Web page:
4.  Both of these cases were overruled in Rios v. Cozens, 7 Cal.3d 792, 799, 103 Cal.Rptr. 299, 499 P.2d 979, insofar as they held, under prior law, that a licensee was not entitled to a presuspension hearing to determine whether there was a reasonable possibility that a judgment might be recovered against him.The statutory plan involved in these cases required, upon involvement in an accident in which there was bodily injury or death of any person or property damage in excess of a certain amount to any one person, and in the absence of an exemption, that security be posted ‘in a sum which shall be sufficient in the judgment of the department to satisfy any final judgment or judgments . . . resulting from such accident’ (former section 16020 based on earlier section 420) on pain of suspension of driving privilege.

5.  While respondent contended below that the Financial Responsibility Law is, despite the intention of the Legislature, fault-based, he does not now renew this contention.

6.  Section 16021 states: ‘Financial responsibility of the driver or owner is established if the driver or owner of the vehicle involved in an accident described on Section 16000 is:‘(a) A self-insurer under the provisions of this division.‘(b) An insured or obligee under a form of insurance or bond which complies with the requirements of this division.‘(c) The United States of America, this state, any municipality or subdivision thereof, or the lawful agent thereof.‘(d) A depositor in compliance with subdivision (a) of Section 16054.2.‘(e) In compliance with the requirements authorized by the department by any other manner which effectuates the purposes of this chapter.’

7.  Respondent makes no effort to distinguish or impeach a long line of Pre-Bell cases in other jurisdictions upholding the requirement of proof of financial responsibility without respect to the question of fault. (E.g., Perez v. Tynan (D.Conn.1969) 307 F.Supp. 1235, 1240; Agee v. Kansas Highway Com'n. Motor Vehicles Dept. (1967) 198 Kan. 173, 422 P.2d 949, 953—954; Ballow v. Reeves (Ky.1951) 238 S.W.2d 141, 142; Larr v. Dignan (1947) 317 Mich. 121, 26 N.W.2d 872, 874; and see Turner v. State Dept. of Motor Vehicles, 265 Cal.App.2d 649, 652—653, 71 Cal.Rptr. 616.) And Bell itself does not resolve the issue. Although the Georgia statute there in question did not by its terms require a showing of fault, the Supreme Court, looking to its substance and not its form, described the Georgia Motor Vehicle Safety Responsibility Act as a ‘fault-oriented scheme.’ (402 U.S. at 540—541, 91 S.Ct. 1586.) In Orr v. Superior Court, supra, 71 Cal.2d 220, 77 Cal.Rptr. 816, 454 P.2d 712, this question was raised, but because the California scheme was deemed fault-based the court did not consider ‘possible constitutional infirmities of a statute which dispensed with any necessity to consider fault.’ (At pp. 226—227, 77 Cal.Rptr. at p. 820, 454 P.2d at p. 716.)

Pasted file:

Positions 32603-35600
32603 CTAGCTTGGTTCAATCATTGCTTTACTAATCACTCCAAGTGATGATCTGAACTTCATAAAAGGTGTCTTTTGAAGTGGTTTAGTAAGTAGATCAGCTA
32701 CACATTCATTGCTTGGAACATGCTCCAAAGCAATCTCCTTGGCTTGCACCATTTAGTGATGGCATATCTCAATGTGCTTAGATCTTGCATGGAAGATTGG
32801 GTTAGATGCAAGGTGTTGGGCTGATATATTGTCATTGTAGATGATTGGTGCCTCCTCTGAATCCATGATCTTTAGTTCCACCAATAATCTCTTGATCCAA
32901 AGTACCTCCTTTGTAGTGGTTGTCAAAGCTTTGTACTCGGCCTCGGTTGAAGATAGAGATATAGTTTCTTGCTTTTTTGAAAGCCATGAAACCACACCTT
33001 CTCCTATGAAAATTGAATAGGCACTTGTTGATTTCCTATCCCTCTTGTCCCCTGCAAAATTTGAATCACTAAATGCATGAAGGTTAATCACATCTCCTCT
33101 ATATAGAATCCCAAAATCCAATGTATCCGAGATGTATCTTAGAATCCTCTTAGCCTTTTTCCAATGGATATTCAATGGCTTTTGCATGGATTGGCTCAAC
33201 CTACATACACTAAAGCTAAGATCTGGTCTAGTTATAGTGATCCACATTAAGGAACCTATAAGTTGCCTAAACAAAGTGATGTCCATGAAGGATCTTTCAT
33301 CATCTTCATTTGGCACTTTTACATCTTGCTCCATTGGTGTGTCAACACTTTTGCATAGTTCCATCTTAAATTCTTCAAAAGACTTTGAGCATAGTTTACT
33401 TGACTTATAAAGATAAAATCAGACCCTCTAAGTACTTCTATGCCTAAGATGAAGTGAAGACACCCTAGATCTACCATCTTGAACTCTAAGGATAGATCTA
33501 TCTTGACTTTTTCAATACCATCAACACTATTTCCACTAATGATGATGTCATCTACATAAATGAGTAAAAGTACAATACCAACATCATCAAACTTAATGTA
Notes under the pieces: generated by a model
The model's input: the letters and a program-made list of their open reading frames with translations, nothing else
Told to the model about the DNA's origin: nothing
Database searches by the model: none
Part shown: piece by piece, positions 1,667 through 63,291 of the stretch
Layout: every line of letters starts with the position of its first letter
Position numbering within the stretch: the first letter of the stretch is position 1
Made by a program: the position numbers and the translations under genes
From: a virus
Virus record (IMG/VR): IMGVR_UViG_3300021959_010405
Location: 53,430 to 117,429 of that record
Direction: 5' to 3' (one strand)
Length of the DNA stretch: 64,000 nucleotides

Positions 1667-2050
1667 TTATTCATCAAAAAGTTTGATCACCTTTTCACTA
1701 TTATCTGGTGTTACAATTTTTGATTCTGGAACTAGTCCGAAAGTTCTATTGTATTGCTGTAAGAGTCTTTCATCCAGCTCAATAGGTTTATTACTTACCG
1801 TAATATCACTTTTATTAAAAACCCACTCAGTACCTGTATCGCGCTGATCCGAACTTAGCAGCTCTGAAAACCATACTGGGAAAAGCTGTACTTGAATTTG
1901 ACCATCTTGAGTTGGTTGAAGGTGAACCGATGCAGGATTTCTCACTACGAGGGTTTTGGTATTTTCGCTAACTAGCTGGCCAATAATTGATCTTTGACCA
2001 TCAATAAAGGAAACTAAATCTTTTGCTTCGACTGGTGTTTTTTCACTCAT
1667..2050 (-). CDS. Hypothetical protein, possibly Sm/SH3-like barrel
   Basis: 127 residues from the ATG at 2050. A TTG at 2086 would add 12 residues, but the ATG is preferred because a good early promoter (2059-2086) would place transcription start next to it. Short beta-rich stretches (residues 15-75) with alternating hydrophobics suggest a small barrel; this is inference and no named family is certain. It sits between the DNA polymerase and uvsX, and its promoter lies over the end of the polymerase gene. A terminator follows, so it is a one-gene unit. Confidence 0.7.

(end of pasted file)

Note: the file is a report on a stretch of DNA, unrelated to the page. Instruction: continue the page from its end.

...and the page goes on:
8.  ‘The fundamental right furnishing a basis for invoking strict scrutiny must be explicitly or implicitly guaranteed by the Constitution. (Citation.) Rights held fundamental include privacy (citation), voting (citation), and interstate travel (citation).’ (Adams v. Superior Court, 12 Cal.3d 55, 61, 115 Cal.Rptr. 247, 251, 524 P.2d 375, 379.)In Miller v. Malloy (D.Vt.1972) 343 F.Supp. 46, 50 the court, based on the facts of the case, took plaintiff's interest in his driving privilege to be fundamental, and proceeded to find a compelling state interest to be represented by the Vermont Financial Responsibility Law.

9.  Suspect classes include those based on alienage (Raffaelli v. Committee of Bar Examiners, 7 Cal.3d 288, 292, 101 Cal.Rptr. 896, 496 P.2d 1264), sex (Sail'er Inn, Inc. v. Kirby, 5 Cal.3d 1, 18, 95 Cal.Rptr. 329, 485 P.2d 529), and wealth (Serrano v. Priest, 5 Cal.3d 584, 597, 96 Cal.Rptr. 601, 487 P.2d 1241). Respondent vaguely suggests that somehow the classification herein is based on wealth. However, the fact that proof of financial responsibility may be more easily made by the affluent in no way makes this a wealth-based classification.

10.  People v. De La Torre, 257 Cal.App.2d 162, 64 Cal.Rptr. 804, holding the section constitutional on its face states, at 164, 64 Cal.Rptr. at 807: ‘While many states require all vehicles to undergo periodic safety checks, California reaches the same problem by random checks supported, if necessary, by road blocks.’

11.  Considering that in 1974 there were in California 163,920 motor vehicle accidents involving fatalities or bodily injury, the treating of such accidents as the occasion for examining the financial responsibility of the vehicle drivers involved would yield a not unreasonable sample of the 13,176,000 driving licenses outstanding at the time. (California Statistical Abstract 1975, pp. 104—105.)

LILLIE, Associate Justice.

WOOD, P.J., and THOMPSON, J., concur.